Coronavirus in Oklahoma: Why sports world will keep an eye on Guthrie and PBR event
The NFL Draft has been a welcome return to sports.
Even though it’s being done virtually with video feeds spliced together from across the country, the draft has drama and intrigue and consequences. We haven’t had anything like that in our sports world for more than a month.
But it isn’t really sports.
It isn’t a game. Or a match. Or a true competition.
- Related to this story
- Article: PBR will buck for TV with no fans at Lazy E Arena
The sports world will get that this weekend in, of all places, Logan County, Oklahoma.
It seems a little crazy, but the first-known pro-level competition to bring together out-of-state competitors since the coronavirus pandemic shuttered sports in the United States is happening near Guthrie. The Professional Bull Riders are doing TV-only, closed-to-the-public events Saturday and Sunday at Lazy E Arena and Ranch.
Even though horse racing has been happening in some locales during the shutdown, most of the folks involved are local. This PBR event is bringing in riders from far and wide. It is a step up in complexity from those horse races.
Strange that Oklahoma became the epicenter of the coronavirus shutdown when Utah big man Rudy Gobert tested positive and the Thunder’s game against the Jazz was stopped moments before tip, and now, we’re the place sports returns.
(And no, the WWE doesn’t count.)
Here’s the thing -- what happens this weekend in rural Oklahoma will give us an idea how far off the return of the wider world of sports might be. Either way, it will be a barometer. It might be a blueprint, or it might be a cautionary tale.
The PBR has an intriguing set up. Everyone involved with the event must be screened, checked and cleared medically to enter the grounds. Then, they will live in RVs and remain on site throughout the competition. Food will be brought in. Same for any necessities.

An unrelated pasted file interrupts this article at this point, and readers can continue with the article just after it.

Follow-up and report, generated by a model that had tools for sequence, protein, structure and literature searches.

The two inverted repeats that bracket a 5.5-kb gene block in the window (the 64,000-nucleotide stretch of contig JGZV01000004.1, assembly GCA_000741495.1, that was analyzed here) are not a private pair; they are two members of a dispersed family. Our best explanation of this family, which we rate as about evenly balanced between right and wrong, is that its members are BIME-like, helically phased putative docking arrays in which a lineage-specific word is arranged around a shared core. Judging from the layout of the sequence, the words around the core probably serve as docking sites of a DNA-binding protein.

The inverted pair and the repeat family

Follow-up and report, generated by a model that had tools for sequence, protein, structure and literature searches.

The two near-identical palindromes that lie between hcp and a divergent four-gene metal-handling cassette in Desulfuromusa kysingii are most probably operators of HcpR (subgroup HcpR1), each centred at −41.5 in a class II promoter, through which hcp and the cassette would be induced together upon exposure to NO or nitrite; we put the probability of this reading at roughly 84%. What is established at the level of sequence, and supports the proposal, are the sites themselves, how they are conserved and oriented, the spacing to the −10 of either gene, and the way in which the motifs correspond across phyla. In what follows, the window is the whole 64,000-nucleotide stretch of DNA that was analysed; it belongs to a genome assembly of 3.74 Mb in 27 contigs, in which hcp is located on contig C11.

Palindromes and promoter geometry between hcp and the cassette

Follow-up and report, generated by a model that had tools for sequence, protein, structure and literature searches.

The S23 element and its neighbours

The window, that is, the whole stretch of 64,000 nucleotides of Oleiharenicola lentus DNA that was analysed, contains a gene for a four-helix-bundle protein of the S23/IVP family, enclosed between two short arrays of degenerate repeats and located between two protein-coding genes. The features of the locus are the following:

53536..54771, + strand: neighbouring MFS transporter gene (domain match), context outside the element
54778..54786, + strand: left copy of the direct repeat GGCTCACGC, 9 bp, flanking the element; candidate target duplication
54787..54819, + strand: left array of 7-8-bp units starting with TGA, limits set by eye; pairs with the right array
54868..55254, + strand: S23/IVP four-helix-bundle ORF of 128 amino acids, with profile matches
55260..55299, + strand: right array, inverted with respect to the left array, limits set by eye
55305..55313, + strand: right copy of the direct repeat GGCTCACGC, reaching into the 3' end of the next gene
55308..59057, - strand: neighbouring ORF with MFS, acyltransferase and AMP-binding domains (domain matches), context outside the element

No one leaves.
That includes the bull riders. Ditto for stock contractors, medical staff, TV crews and PBR staff. All told, the PBR estimates there will be about 140 people, but with hundreds of acres at Lazy E, everyone will have about 2 acres of space.
Perfect for social distancing.
They won’t be able to stay that far apart, of course, but the PBR has established working groups. Each is less than 10 people, and none will have contact with other groups. That means if someone starts showing symptoms of COVID-19, the spread should be minimized.
In theory, anyway.
The truth is, we don’t know how this will work. Maybe no one will get sick, and everything will go off without a hitch. Or maybe someone will get sick, but the system will work and limit the spread. Or maybe someone will get sick, nothing will stop the spread, there will be an outbreak and we’ll all be wondering why the h-e-double-hockey-sticks this was allowed in the first place.
There are so many possibilities.
Still, this is the type of thing Major League Baseball and the NBA -- and even pro and college football to some extent -- are considering doing on a much bigger scale. MLB has talked about regular-season games clustered in Arizona and Florida with the teams never leaving those states while the NBA has toyed with the playoffs being centralized.
Could such things happen?
It seems far fetched.
Chris Paul was asked about it during a call with Oklahoma City area media the other day, and while the Thunder point guard and president of the National Basketball Players Association didn’t dismiss it entirely, he didn’t sound all that fired up about it.
“There are so many layers that would have to come into play for that to even happen,” he said. “We would have to know exactly what that would look like.”
“We just want to play,” he said. “We’re trying to figure out what that looks like. Right now, I’m just focused on playing, playing in some form or fashion.”
That desire is held by many. Athletes. Owners. Leagues. TV executives. The financial stakes are massive. No games means no ticket sales and reduced TV revenue. No games means smaller paychecks for players and smaller payouts for leagues.
Frankly, TV is a big reason why the PBR decided to figure out a way to do this weekend’s event. It has to be. There’d be no other reason to stage a no-fans event. The PBR won’t have any ticket revenue. It might get some money in sponsorship dollars. But the biggest payout will be from its TV partner.
So, the PBR is set to go at Lazy E.
Hard to know how many people will watch the bucking bulls and the dare-devil cowboys on CBS Sports Network, but you’d better believe the sports world will be keeping an eye on what happens in Guthrie.